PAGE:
AI, Big Data to be ‘game-changer’ in agricultural

Held in New Delhi, the 3rd India Agricultural Outlook Forum discussed key challenges before the agricultural sector

September 26, 2019

Agriculture is slowly becoming digital with AI showing promising potential in three major categories: agricultural robotics, soil-and-crop monitoring and predictive analytics.

Data related to soil health, Kisan credit cards, crop insurance and even landholdings are getting digitised that can be utilized to target farmers better for government schemes

The agriculture ministry signed a statement of intent with technology company IBM for a pilot study on using artificial intelligence and weather technology solutions in agriculture

The insights from this study will tell the farmer when and how much to irrigate a field, crop health, weather predictions, pest infestations and even drought conditions

The 3rd India Agricultural Outlook Forum, held in New Delhi on September 26, deliberated on the Universal Basic Income for Farmers and other key challenges before the agricultural sector including the ways to manage excess production, price forecasting, artificial intelligence (AI), water management, input markets, insurance, etc. India is putting special focus on investment and innovation around new technologies such as AI and big data to better equip the agricultural sector for future market conditions.

AI and big data are expected to be ‘game-changers’ in the agricultural sector in India. Agriculture is slowly becoming digital with AI showing promising potential in three major categories: agricultural robotics, soil-and-crop monitoring and predictive analytics. Farmers are already using sensors and soil sampling to gather data which is stored on-farm management systems that allow better processing and analysis. This data, along with specific algorithms, can be combined with weather information sourced from satellites to create customised AI software for different agricultural regions in India.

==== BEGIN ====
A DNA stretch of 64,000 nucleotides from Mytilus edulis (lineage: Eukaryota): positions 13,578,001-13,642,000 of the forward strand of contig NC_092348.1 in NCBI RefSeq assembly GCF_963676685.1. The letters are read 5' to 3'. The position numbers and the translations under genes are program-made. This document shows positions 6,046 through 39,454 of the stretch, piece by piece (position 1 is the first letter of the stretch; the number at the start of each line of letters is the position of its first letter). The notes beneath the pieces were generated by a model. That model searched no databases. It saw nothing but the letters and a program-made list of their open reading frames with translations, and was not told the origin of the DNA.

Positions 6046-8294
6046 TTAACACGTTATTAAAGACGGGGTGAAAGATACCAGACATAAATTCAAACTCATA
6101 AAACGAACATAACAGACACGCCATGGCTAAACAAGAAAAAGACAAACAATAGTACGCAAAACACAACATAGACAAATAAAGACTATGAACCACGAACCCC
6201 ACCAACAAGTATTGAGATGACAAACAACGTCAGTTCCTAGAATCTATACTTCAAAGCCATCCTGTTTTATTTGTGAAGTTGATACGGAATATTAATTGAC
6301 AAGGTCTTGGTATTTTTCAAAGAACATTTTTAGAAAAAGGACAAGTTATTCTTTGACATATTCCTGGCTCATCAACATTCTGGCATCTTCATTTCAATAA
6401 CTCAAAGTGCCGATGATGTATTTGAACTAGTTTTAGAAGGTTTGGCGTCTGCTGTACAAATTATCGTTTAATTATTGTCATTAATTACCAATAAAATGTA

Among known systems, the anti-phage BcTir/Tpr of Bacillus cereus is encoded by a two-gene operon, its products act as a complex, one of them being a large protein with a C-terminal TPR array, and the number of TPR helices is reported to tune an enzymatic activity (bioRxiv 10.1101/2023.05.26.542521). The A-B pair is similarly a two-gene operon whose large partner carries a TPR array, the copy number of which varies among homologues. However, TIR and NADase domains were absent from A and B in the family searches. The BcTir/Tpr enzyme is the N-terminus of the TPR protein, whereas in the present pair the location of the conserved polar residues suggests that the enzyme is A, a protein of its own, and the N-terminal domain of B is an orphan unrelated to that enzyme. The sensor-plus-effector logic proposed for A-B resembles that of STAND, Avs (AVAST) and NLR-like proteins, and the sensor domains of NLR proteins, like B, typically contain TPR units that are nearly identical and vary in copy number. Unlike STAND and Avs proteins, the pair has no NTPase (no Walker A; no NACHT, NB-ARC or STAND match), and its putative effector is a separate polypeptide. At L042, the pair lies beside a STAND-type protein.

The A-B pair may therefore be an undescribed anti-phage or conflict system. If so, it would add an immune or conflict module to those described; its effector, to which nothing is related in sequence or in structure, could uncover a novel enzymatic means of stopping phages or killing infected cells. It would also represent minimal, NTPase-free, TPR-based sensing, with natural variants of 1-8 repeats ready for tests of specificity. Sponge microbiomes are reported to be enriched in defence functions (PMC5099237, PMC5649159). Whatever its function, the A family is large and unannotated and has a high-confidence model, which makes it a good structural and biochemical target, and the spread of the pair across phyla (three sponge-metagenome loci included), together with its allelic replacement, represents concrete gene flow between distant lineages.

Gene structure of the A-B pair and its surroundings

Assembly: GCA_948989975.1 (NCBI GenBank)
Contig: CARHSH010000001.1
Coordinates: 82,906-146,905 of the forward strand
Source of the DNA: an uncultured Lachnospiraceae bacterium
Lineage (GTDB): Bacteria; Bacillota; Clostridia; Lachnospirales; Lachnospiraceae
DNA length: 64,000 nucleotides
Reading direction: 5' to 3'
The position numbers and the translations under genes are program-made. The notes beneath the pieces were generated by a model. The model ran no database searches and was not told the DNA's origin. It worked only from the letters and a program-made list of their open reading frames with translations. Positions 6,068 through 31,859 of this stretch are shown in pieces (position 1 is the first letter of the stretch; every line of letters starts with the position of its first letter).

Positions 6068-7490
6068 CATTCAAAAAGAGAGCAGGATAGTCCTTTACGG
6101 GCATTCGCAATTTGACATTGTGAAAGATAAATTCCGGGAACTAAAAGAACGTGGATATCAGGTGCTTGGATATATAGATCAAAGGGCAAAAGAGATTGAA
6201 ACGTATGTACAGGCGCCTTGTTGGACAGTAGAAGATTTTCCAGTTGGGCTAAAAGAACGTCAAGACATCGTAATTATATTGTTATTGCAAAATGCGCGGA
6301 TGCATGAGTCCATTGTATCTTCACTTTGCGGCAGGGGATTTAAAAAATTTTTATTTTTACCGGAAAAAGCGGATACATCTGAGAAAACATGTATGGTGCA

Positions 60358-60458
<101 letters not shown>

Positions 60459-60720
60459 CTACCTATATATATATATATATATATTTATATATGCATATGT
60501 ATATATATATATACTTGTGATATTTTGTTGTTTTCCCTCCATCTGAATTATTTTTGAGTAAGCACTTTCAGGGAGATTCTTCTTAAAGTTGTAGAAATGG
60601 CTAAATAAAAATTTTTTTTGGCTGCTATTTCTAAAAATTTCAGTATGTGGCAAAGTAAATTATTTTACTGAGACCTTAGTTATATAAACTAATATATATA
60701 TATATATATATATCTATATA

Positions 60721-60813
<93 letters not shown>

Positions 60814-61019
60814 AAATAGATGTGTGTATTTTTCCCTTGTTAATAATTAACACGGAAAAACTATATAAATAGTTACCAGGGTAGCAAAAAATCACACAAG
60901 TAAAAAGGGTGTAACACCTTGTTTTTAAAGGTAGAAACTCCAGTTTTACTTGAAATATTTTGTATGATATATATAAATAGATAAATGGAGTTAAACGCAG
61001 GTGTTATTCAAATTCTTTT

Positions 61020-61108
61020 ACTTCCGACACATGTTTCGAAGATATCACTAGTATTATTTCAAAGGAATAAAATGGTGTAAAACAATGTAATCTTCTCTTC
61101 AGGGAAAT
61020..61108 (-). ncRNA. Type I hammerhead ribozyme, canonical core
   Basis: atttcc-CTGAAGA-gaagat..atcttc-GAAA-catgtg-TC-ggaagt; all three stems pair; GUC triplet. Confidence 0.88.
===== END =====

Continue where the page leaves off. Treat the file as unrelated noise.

Already, the government has started collating the data of farmers registered under major schemes. There is data related to soil health, Kisan credit cards, crop insurance and even landholdings that are getting digitised. This data can be leveraged for better targeting of the scheme. According to a statement by Agricultural Secretary, Sanjay Aggarwal, by 2020, the government expects to have 80 per cent of farmers data collated. 

The agriculture ministry had also signed a statement of intent in July this year with technology company IBM for a pilot study on using artificial intelligence and weather technology solutions in agriculture. The insights drawn from these pilot projects will tell the farmer when and how much to irrigate a field, crop health, weather predictions, pest infestations and even drought conditions. This is expected to boost agricultural productivity and gradually lessen the need for physical manpower in the sector. The project will introduce and make available climate-aware cognitive farming techniques and identifying systems of crop monitoring, early warning on pest and disease outbreak based on advanced AI innovations.